If you’ve ever taken a course on the history of photography, you know Paul Strand. He’s recognized as a master of the medium, and he’s known, among other things, for helping to solidify photography as an art form when that topic was still up for debate. What you might not know about is his travel work. Though his early photography is more commonly referenced, his later projects, in-depth “portraits” of specific places, are the culmination of a lifetime of practice.
Strand pursued these “place portraits” for the last three decades of his life, electing to photograph locations where he felt “really compelling things were happening.” The projects were typically conceived as books and viewed as a whole they serve a larger purpose. “If you look at all of these travel projects together, they add up to a portrait of the 20th century,” explains Peter Barberie, the Broadsky Curator of Photography at the Philadelphia Museum of Art which is featuring a retrospective of Strand’s six-decade career in an upcoming exhibition.
Of all the places Strand worked—New England, France, Italy, the Hebrides, Romania, Egypt, Morocco—Barberie posits that his time in Ghana in 1963 and 1964, which resulted in the book Ghana: An African Portrait, yielded some of his most comprehensive travel work. He suggests that Strand felt the same way, referencing a letter where Strand wrote that in Ghana, he “felt he had gone deeper into his subject than maybe anywhere else.” This was partly because Strand felt welcome there. He was officially invited to document the country by its first prime minister and president, Kwame Nkrumah. He was given a guide (whom he actually dismissed) and a driver, Bannerman Smith (who then served as his guide), to accompany him and his wife Hazel through Ghana’s diverse landscapes, easing his access to situations that might have otherwise been difficult to broach.
With its recent independence from colonial rule, Ghana was an ideal location for Strand. Things were changing quickly there, and he was interested in Nkrumah’s efforts to modernize the country through industry and economic initiatives. “Strand was really drawn to the way photography can show the past and the present working together, struggling around each other. He was interested in the specific history of individual people in individual places, and part of the way to show that was to show the present emerging from the past,” explains Barberie.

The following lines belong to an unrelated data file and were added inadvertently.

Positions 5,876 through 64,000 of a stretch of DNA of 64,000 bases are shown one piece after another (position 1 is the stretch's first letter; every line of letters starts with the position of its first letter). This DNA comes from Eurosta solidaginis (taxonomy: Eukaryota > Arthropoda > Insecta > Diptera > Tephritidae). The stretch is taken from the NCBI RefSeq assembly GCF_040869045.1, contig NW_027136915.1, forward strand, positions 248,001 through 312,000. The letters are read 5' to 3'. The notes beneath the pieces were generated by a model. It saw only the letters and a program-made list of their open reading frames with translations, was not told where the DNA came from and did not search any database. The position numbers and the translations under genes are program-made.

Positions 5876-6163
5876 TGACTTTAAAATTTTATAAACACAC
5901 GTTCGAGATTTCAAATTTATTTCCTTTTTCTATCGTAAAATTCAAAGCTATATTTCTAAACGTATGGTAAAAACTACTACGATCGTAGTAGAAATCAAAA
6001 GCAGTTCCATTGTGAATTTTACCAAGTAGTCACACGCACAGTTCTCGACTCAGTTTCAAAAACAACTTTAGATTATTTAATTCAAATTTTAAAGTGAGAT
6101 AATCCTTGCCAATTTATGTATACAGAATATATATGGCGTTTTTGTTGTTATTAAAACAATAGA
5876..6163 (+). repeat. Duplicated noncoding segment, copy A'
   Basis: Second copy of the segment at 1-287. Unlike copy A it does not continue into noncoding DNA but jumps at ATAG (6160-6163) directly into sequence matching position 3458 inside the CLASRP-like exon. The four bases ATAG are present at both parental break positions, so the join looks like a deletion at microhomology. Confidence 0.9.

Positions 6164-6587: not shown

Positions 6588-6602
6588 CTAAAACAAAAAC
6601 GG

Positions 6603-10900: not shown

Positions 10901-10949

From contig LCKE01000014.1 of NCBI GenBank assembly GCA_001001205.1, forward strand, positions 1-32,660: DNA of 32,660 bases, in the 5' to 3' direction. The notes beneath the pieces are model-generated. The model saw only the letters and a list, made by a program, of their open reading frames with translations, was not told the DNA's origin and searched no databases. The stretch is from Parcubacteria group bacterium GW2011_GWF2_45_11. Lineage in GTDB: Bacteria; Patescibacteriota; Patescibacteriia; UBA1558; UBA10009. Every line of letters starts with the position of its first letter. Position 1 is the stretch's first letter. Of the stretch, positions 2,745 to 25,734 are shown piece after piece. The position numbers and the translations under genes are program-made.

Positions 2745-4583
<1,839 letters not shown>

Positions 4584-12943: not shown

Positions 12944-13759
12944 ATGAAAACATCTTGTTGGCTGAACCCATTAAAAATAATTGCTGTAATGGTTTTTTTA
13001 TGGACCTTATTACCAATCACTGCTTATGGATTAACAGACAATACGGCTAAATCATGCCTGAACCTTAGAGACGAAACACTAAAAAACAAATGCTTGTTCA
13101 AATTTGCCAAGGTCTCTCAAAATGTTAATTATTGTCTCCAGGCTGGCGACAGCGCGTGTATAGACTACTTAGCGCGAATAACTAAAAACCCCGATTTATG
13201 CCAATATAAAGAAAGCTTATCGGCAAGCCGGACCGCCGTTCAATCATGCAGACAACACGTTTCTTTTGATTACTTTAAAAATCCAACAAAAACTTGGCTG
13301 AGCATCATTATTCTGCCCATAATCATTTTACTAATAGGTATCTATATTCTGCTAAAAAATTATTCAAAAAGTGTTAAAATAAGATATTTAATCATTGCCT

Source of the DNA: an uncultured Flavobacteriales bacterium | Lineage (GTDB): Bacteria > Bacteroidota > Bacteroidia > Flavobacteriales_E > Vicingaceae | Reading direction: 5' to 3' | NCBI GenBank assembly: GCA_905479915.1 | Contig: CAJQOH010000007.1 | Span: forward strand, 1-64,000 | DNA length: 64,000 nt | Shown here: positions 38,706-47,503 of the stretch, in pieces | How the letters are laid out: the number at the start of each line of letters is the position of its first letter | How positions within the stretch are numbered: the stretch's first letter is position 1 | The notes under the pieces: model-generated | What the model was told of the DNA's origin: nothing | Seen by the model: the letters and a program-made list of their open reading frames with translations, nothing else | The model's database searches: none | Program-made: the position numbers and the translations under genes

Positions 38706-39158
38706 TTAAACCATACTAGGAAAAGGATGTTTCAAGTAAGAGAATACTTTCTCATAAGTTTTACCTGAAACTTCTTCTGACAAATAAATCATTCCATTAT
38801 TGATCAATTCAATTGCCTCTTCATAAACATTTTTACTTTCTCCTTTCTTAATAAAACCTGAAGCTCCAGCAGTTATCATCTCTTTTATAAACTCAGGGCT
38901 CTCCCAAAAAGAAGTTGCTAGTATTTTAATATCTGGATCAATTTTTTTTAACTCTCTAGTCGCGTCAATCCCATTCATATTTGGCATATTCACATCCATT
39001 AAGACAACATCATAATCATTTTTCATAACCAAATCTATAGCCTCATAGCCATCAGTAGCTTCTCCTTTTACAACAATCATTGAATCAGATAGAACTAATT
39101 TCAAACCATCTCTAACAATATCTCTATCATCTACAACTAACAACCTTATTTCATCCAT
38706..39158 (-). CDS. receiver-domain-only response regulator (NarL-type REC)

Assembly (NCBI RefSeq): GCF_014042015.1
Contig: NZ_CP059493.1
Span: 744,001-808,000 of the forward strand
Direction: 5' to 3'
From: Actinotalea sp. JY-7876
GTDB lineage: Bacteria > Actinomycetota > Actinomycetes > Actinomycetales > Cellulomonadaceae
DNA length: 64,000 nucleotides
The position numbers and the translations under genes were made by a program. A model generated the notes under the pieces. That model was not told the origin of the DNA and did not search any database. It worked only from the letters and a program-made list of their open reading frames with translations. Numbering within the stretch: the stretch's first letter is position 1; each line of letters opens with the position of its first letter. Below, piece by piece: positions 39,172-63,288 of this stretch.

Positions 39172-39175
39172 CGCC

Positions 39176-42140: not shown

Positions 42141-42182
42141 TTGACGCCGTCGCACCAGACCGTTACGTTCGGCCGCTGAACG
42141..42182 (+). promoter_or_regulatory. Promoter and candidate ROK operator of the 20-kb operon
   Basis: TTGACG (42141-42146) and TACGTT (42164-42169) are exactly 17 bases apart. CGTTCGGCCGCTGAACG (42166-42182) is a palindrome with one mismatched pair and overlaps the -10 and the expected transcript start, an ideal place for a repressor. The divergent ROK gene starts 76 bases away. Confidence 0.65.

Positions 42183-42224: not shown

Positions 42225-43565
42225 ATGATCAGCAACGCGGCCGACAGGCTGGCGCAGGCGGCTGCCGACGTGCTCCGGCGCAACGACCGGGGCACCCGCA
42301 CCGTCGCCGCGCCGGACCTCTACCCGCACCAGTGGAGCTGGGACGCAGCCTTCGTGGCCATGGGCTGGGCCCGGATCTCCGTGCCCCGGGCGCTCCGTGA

There were several motifs that Strand sought—landscapes, architecture, portraiture, street scenes, artifacts such as crafts, and details like rocks and foliage. “Through the ‘20s and ‘30s he gathered these motifs and realized if he used them all together, this is what allowed him to make a portrait of a place,” says Barberie.
Strand wanted to show us that “modernity isn’t about just one thing, not about being in a cafe in Paris, or on Madison Avenue, or on an airplane going somewhere,” explains Barberie.
“I often compare a photo of a student with books on her head and another photo of an elderly woman from the northern part of the country. The woman is identified as a political leader and she explains, in the course of her interview, that she regrets that she’s never had time to learn to read and write. So if you’re looking carefully, you realize that between the portrait of the girl in Accra with the books on her head and the women in the northern part of the country, you can see what it’s like in Ghana and where these two different people have come from. That’s really special access to that time and place, and very few photographers took the time to give us that kind of encounter with that kind of place and people.”
The exhibition, Paul Strand: Master of Modern Photography, is on view at the Philadelphia Museum of Art from October 21, 2014 to January 4, 2015.